- Ryan McGee, ESPN Senior Writer
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"I'm so proud to say that NASCAR is coming back to The Rock."
With those words Wednesday afternoon, NASCAR officially returned to the Rockingham Speedway, a racetrack where champions such as Dale Earnhardt and Jeff Gordon have been crowned, but a facility that hasn't held a NASCAR event since February 2004.
On April 15, 2012 the NASCAR Camping World Truck Series will hold the Good Sam Roadside Assistance 200, a Sunday afternoon event to be held the day after the NASCAR Sprint Cup Series races at Texas Motor Speedway.
The track, formerly known as the North Carolina Speedway, hosted 120 NASCAR Sprint Cup and Nationwide Series races between 1965 and 2004, before it was abandoned for newer tracks and bigger markets to the west. This will mark its first Truck Series race.
As Rockingham Speedway owner Andy Hillenburg spoke the words that made it official, he did so standing at a podium on a stage that was set up just a short walk away from land that has all at once meant so much pride and so much heartbreak for the people of Richmond County, N.C. It was on the grass behind him that he sat on Sept. 27, 2007, and purchased the one-mile oval and the surrounding acreage at auction. It had been shuttered, opened only to host racing schools or occasional commercial and film shoots.
That day county and city leaders had gathered to see if the track, which hosted NASCAR's top series from 1965 through 2004, could be saved from scrap metal dealers and land brokers. One city official muttered, "This feels like a funeral." Four years later, nearly to the day, all of those leaders were back and wearing nothing but smiles.
"To say they have been persistent would be an understatement," said North Carolina Secretary of Commerce Keith Crisco, who recalled multiple meetings with Hillenburg and his local government officials, lobbying for the state's help (particularly Gov. Beverly Perdue, who was in attendance at Wednesday's event) in luring NASCAR back to the track. "I can only imagine that if they were that persistent with me then they were at least that with NASCAR itself."
Hillenburg and track operation director Robert Ingraham admit now that they had started lobbying NASCAR for a return event nearly as soon as they reopened the track in the spring 2008. "I can verify that is very accurate," said NASCAR Camping World Truck Series director Wayne Auton with a laugh. "Andy has been wearing me out every time he's seen me over the last three years. And he's been wearing my bosses out, too."
While the track sent three years hosting lower-level stock car events to relatively small crowds, Hillenburg worked to secure the funding to up-fit the track with SAFER "soft wall" barriers, estimated at $1 million per mile, a requirement for any track hoping to host a national NASCAR series race. Last month ESPN.com reported that he would begin installation of those barriers in mid-September. That news, added to the demise of the Nashville Superspeedway, led to rampant garage chatter that the Trucks would be coming to Rockingham.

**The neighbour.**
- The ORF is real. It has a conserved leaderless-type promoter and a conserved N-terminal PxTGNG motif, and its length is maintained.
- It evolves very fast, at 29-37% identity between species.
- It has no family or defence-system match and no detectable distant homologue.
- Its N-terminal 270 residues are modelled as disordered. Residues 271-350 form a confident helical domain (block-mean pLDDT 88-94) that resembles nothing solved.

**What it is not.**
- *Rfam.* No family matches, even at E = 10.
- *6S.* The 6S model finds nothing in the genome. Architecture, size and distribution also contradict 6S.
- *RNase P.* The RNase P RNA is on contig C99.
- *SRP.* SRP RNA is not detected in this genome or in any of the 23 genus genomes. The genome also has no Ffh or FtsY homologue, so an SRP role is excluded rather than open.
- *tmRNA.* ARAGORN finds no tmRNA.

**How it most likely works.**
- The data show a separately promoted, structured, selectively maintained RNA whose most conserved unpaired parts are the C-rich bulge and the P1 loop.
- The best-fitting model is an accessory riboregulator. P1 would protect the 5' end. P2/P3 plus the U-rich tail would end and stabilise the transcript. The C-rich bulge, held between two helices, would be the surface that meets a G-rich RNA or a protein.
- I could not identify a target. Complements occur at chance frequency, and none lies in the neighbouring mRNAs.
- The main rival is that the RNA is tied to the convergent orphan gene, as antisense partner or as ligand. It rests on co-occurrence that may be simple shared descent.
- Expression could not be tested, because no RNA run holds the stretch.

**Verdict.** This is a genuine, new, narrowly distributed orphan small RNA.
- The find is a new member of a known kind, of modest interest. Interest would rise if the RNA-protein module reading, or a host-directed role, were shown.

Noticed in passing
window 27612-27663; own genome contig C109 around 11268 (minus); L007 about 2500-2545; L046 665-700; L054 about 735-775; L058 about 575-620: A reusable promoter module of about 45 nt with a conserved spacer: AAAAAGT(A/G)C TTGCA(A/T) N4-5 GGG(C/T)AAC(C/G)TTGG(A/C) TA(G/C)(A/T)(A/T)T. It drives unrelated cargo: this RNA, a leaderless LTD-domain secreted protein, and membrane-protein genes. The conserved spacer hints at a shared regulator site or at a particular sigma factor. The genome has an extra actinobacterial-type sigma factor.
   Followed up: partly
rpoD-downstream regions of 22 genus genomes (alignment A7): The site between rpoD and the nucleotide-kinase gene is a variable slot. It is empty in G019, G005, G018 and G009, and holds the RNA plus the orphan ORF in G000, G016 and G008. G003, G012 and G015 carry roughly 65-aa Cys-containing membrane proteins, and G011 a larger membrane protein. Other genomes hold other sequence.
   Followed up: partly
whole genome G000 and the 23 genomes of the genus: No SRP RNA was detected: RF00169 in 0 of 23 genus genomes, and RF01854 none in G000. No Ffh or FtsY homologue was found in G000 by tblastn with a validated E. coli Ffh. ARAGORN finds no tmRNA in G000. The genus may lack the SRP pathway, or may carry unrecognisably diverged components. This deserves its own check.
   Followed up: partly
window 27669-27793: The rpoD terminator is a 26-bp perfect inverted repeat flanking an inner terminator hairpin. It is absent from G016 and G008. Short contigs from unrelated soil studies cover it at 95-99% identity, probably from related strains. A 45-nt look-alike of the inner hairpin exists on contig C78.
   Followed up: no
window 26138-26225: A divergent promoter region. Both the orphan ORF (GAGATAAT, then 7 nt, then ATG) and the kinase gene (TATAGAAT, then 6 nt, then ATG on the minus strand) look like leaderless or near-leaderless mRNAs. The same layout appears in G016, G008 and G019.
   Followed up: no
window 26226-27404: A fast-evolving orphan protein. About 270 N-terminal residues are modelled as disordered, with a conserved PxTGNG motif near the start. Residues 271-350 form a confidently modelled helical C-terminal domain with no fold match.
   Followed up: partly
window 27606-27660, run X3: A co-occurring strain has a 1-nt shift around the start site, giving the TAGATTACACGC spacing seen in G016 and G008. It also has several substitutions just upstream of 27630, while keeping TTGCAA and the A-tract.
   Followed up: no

Says Todd Bodine, a two-time Nationwide Series winner at Rockingham: "Anyone who has spent any time with Wayne [Auton] this year knows he couldn't walk more than 10 feet without someone stopping him to say, 'Please tell me we're going back to The Rock.' "
Auton estimates it was about three months ago when he received a call from Steve O'Donnell, NASCAR's vice president for racing operations. "All he said was, 'You've got it.' The hair still stands up on the back of my neck when I think about it." Two weeks ago at Bristol Motor Speedway Hillenburg and Ingraham finalized the deal with O'Donnell. The multiyear race sponsorship deal with Good Sam was inked "very recently."
The State of North Carolina estimates the economic impact at $10.5 million and the addition of a couple of hundred jobs, permanent and temporary at and around the track's new event. A tourism study claims that the majority of the fans in attendance will come from more than 75 miles away. The Rockingham Speedway seats 40,000, including suites.
Over the last four years the steadiest source of income has still come via NASCAR, though indirectly. In 2009, NASCAR implemented a "testing ban" that prevented teams from holding test session at tracks that also held sanctioned events. It proved to be a boon for Rockingham, with most of the teams located in the Charlotte area, a short drive away. Teams not only tested on the one-mile oval, but also on the half-mile Martinsville Speedway clone, "Little Rock" located behind the backstretch of the big track. Those sessions can be worth up to $5,000 for the track on days when multiple teams participate.
There had been talk that the arrival of the Truck Series would put an end to such test sessions, but Auton says that the rule will apply only to the big track. And because the race is scheduled for 2012, teams can still hold previously-scheduled sessions on the speedway itself. If the numbers provided by the state are accurate, saying that the track will see a 48 percent increase in revenues and 56 percent increase in jobs, then Hillenburg's operation should be more than OK.
On Wednesday there were already whispers that a NASCAR Nationwide Series event will be in the near future, and that the track had actually turned down an offer to host both series.
When asked about those rumors, Hillenburg just smiled.
"One step at a time, my friend. One step at a time."
Ryan McGee, a senior writer for ESPN The Magazine, is the author of "ESPN Ultimate NASCAR: 100 Defining Moments in Stock Car Racing History." He can be reached at email@example.com.